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A No-Deal Brexit will Add to Covid Woes in the UK

The Organisation for Economic Co-operation and Development (OECD) has warned that Brexit with no trade agreement in place will add to the economic woes that the UK has suffered this year, as the country attempts to recover from the coronavirus pandemic.

What Did They Say?

The Paris-based think tank pointed out that the lack of a deal would make the British economy shrink by 6.5%. They pointed out that the chaos caused by the pandemic will make a disorderly Brexit even more awkward, as businesses aren’t as prepared for the period of transition as they should be.

Among the areas to be hardest hit in this scenario is manufacturing. The OECD expects that the car manufacturing industry, food and textile producers will be the most deeply affected firms, with drops in export levels reaching up to 30%. These are among the sectors where many businesses are already looking at collection agency options.

Álvaro Pereira is director of the country studies sector of OECD. He said that Brexit “obviously compounds” the huge economic and social shock that Covid has caused all over the planet. He went on to state that the crucial thing now is to “focus on a deal” that allows the closest possible relationship, as both sides would lose out if there is no deal in place soon.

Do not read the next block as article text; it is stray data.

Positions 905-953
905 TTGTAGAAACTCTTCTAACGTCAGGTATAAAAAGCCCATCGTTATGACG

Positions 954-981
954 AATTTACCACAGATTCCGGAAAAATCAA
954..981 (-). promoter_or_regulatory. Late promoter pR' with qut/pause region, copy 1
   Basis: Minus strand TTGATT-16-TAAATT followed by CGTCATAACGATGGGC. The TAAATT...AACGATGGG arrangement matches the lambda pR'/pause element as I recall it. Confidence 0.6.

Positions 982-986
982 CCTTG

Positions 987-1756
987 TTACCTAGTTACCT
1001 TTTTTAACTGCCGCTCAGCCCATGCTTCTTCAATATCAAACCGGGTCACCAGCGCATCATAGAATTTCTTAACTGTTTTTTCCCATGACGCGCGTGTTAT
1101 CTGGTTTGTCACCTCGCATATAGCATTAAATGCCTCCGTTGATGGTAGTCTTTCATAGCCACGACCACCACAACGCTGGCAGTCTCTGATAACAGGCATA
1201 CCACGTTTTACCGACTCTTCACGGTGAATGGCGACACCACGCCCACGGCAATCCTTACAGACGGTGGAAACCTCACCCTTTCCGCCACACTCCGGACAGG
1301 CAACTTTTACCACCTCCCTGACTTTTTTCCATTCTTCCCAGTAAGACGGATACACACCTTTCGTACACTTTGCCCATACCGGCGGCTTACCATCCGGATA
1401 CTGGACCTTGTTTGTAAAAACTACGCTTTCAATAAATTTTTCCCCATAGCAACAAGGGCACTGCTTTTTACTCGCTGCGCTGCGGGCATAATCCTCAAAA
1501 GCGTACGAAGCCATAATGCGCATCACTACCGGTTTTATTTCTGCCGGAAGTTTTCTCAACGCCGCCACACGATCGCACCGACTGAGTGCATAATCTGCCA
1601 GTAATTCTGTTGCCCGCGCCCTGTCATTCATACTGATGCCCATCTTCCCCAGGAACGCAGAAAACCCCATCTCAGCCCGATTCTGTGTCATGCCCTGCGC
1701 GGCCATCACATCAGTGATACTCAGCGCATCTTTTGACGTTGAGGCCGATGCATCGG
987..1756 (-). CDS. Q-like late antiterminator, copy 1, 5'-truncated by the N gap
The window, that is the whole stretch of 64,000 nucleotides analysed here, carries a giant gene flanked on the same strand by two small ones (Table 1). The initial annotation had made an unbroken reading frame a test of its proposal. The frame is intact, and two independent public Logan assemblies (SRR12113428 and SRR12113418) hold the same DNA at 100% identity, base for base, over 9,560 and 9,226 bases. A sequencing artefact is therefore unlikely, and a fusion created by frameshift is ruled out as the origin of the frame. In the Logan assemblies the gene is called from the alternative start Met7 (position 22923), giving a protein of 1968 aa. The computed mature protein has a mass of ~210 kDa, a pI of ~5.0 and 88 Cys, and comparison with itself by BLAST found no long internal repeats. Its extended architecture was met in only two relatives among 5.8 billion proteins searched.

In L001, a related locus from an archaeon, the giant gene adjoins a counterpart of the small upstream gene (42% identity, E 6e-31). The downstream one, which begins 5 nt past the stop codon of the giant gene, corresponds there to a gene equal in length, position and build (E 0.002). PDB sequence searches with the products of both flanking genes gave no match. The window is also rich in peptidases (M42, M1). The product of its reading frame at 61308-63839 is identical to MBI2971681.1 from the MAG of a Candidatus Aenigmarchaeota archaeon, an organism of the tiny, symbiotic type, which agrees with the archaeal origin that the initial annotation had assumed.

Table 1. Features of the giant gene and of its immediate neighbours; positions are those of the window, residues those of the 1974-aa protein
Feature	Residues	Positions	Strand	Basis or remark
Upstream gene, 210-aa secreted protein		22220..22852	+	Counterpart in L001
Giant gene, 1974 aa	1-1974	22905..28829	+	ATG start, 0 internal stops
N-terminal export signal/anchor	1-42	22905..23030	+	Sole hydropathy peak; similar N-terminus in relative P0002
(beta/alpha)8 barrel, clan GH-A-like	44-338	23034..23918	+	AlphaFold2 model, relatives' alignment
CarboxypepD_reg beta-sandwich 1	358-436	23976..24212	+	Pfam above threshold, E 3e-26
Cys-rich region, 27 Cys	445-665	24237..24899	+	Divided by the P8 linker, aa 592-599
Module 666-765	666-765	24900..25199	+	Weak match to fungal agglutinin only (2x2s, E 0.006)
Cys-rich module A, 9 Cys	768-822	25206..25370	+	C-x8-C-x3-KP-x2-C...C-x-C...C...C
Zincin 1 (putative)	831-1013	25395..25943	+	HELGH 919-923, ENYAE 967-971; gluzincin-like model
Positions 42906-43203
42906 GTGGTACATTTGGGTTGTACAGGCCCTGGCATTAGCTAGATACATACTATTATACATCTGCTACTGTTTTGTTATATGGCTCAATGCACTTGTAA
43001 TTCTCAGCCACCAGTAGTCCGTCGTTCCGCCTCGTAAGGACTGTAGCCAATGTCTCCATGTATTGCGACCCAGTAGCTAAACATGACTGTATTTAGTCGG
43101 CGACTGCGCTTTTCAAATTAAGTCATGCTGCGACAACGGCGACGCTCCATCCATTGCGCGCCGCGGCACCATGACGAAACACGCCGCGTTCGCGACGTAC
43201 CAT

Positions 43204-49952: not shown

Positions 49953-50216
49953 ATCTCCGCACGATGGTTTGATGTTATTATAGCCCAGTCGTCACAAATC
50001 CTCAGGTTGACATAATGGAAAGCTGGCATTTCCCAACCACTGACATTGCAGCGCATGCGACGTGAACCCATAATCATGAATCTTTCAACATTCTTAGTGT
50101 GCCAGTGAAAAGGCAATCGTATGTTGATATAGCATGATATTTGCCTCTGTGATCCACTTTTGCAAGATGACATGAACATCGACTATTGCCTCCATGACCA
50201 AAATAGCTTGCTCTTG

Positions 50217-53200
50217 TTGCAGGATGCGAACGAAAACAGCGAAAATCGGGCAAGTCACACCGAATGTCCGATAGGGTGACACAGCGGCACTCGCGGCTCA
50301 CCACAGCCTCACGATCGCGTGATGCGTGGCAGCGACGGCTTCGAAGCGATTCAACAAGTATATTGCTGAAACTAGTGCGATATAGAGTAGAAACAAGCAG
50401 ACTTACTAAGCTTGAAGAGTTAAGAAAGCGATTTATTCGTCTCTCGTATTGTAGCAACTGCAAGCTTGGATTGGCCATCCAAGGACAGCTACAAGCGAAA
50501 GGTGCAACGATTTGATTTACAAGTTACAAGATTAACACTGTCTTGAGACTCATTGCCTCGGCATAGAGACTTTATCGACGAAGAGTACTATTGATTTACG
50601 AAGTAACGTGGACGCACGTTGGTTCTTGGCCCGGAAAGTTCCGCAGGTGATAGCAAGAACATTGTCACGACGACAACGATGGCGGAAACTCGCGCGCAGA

They track 37 economies and say that the UK is one of the hardest-hit of all of them in 2020. The fact that Brexit comes into force at the start of 2021 means that these two major issues are coming together at the same time.

More Details

This was the OECD’s first major study of the British economy since 2007. They revealed that the lockdown and ongoing restrictions have put the UK’s GDP on track for a 10% drop in 2020, with a 7.6% recovery expected for 2021.

A further prediction is that the number of unemployed will rise to 5.3% this year, and will carry on climbing up to 7.1% in 2021. These numbers are lower than the predictions by the Office for Budget Responsibility, and the OECD praised the government´s attempts to protect jobs with the furlough scheme.

They also calculated the impact on the economy if a deal is reached before Brexit takes place. In this case, the impact would be a 3.5% decline over the next few years, compared with staying in the EU single market. Unemployment would also be about 1% higher than would otherwise have been the case.

Future Investments Needed

The next point refers to the need for the UK to invest a lot of money in digital infrastructure to help repair the damage caused to the economy by the lockdown. The OECD said that they will also need to push through reforms to make this investment work.

Among the areas mentioned were green technology and high-speed broadband. This need for investment is further complicated by the fact that by the time the crisis is over, the UK is likely to have levels of debts never previously seen outside of war-times.